A little bit about a lot of things:

• Always takes me a little bit of time to get used to something new....so breaking in new eyeglasses has been a bit of an adventure.

Kat and I recently each went through the process of getting our eyes checked and ordering new glasses....which for me I knew was long overdue, especially since all my existing glasses were showing wear and tear.

I don’t constantly wear glasses....rarely if ever when behind a camera but always when in front of a computer screen or trying to read a document (especially the fine print), and often when driving with, of course, a totally different prescription from my readers.

During the exam, I had to answer all sorts of difficult questions, such as how far I sit from my computer....something I had never really thought about let alone actually measured.

But the eye exam was the easy part compared to actually picking out frames and lenses.

Shoot, just shopping for eyeglasses was challenging enough.....all sorts of styles, various options for lenses, all sorts of price ranges....just too many choices for my comfort!

I’m the guy who stands bewildered in a grocery store section trying to decide what brand of spaghetti sauce to get for dinner that night....and if I struggle with that, how in the world can I possible choose something that I will be wearing for a couple of years or more?

But, the choices were made and the eyeglasses arrived, so now comes the process of getting used to the new specs.

One thing I don’t like is having so many separate pairs of glasses floating around.

A reader for work, a reader for home; and a couple of pair of distance glasses for good measure.

And, of course, finding a safe place to keep the old ones as backups.

But, hopefully I will be able to see things more clearly now.

· Always enjoy sharing news that is good for our community.....and the announcement that grant funds have been awarded for the renovation of Bonita Park in Crows Landing definitely falls into that category.

That small park and pool were for years a focal point of the unincorporated community before the aging pool was closed nearly a decade ago.

That’s a huge “win” for the Crows Landing community.

Thanks to Stanislaus County for taking the lead on the grant application, and for all the community members and organizations which threw their support behind the project.

Can’t wait to see it become reality.....

• Been an interesting nine months in terms of tracking the performance of our new solar panels.....but we’re still three months shy of completing the first-year cycle that will give us a true look at how well the system is performing.

Through the wonders of technology, we can track on a daily basis how much the panels have generated and how that stacked up with our energy consumption.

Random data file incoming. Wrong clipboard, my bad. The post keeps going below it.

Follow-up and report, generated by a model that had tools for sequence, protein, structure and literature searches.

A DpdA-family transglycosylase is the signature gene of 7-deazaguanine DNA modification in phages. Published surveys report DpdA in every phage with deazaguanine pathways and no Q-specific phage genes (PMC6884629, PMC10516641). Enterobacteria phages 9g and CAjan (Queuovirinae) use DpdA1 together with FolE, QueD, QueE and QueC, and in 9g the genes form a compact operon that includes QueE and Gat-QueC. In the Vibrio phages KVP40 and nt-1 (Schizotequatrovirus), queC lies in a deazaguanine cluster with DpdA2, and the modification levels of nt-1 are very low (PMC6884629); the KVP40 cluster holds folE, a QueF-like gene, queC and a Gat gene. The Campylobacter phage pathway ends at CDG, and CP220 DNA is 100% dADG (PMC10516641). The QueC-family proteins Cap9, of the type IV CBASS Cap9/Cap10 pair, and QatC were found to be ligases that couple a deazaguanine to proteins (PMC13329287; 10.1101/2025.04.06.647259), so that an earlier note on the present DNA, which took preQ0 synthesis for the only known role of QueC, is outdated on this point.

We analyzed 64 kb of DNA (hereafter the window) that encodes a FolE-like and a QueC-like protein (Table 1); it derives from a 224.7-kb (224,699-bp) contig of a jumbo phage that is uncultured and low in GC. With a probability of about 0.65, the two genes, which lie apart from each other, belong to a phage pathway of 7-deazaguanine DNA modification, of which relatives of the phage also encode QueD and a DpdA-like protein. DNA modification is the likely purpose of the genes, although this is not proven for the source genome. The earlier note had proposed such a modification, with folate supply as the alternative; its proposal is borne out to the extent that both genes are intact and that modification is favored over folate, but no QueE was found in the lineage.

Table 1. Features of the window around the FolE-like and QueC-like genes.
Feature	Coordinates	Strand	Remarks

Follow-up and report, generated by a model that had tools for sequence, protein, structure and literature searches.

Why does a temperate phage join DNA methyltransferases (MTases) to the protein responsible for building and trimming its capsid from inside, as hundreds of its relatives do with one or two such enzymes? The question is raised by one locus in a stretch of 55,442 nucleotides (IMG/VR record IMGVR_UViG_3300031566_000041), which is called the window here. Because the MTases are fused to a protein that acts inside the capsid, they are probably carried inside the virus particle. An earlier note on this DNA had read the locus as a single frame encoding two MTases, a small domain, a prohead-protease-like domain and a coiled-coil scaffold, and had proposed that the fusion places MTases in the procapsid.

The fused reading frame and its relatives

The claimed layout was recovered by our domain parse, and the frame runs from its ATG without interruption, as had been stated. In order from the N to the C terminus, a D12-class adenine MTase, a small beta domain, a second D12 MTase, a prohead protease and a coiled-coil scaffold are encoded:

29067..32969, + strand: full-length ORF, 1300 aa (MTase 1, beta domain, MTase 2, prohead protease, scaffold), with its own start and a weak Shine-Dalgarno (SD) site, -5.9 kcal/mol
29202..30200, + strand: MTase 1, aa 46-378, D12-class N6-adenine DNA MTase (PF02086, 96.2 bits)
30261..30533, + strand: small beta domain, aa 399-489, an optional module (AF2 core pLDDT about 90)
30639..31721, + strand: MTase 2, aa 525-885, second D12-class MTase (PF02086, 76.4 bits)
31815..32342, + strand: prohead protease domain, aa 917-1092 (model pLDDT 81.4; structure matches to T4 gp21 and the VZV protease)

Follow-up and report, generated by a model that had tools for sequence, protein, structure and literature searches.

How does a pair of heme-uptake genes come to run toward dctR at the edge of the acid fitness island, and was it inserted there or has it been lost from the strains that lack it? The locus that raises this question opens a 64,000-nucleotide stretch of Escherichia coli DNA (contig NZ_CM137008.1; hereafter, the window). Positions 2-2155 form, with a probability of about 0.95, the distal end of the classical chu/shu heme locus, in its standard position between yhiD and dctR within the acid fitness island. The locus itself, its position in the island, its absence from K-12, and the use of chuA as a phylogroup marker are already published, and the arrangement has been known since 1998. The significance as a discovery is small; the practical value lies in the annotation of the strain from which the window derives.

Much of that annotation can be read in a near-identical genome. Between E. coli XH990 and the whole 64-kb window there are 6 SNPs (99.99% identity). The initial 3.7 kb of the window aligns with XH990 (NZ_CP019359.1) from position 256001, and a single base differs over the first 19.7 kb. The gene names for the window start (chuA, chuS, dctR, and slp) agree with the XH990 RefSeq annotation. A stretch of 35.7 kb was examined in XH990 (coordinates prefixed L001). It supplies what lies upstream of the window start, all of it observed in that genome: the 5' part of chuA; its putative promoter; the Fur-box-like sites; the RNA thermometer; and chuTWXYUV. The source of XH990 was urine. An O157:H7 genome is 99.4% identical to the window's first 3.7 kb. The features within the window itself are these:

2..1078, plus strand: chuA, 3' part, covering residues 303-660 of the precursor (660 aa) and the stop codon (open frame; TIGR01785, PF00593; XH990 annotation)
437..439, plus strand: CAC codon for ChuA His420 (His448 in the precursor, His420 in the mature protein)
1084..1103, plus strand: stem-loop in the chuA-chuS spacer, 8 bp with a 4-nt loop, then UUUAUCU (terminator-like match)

Early on, during the short and often gray days of January and February, we were on the wrong side of that equation but then we had probably three months during which production well exceeded our electricity use.

I was feeling pretty good about that, since we had a significant number of kilowatt hours “banked,” so to speak....but then came July and August and the panels could not keep up with the energy demands of  trying to keep a house cool during summer’s most sizzling days.

Those months ate up most of the surplus, but things have turned again through the most recent billing period and we were building up credits once again. That too will change before we get through the next three months as winter settles in, reducing solar power production and increasing our electrical bill via heating costs.

But I’m optimistic that we’ll still end up on the right side of the equation, or at least pretty close to it, as we finish out the first year.

Another by-product of having solar is that we are just generally more aware of our power use and the implications of various habits and practices. Those tools help us manage our energy use more wisely, I think.

We talked many times about solar before finding an option that we felt worked well for us. Going solar is a big decision, and I encourage anybody considering that step to thoroughly do their due diligence.

I do have to say, though, that I am liking monthly PG&E bills that typically have been around $20 (although that will change to a point when we start using the furnace and burning more natural gas). Thanks to a climate credit or some such thing, our most recent PG&E bill actually showed that they owed us money instead of the other way around.

We might frame that one.

Dean Harris the Managing Editor of the West Side Index and Gustine Press-Standard. He can be reached at dharris@mattosnews.com or by calling (209) 243-8104.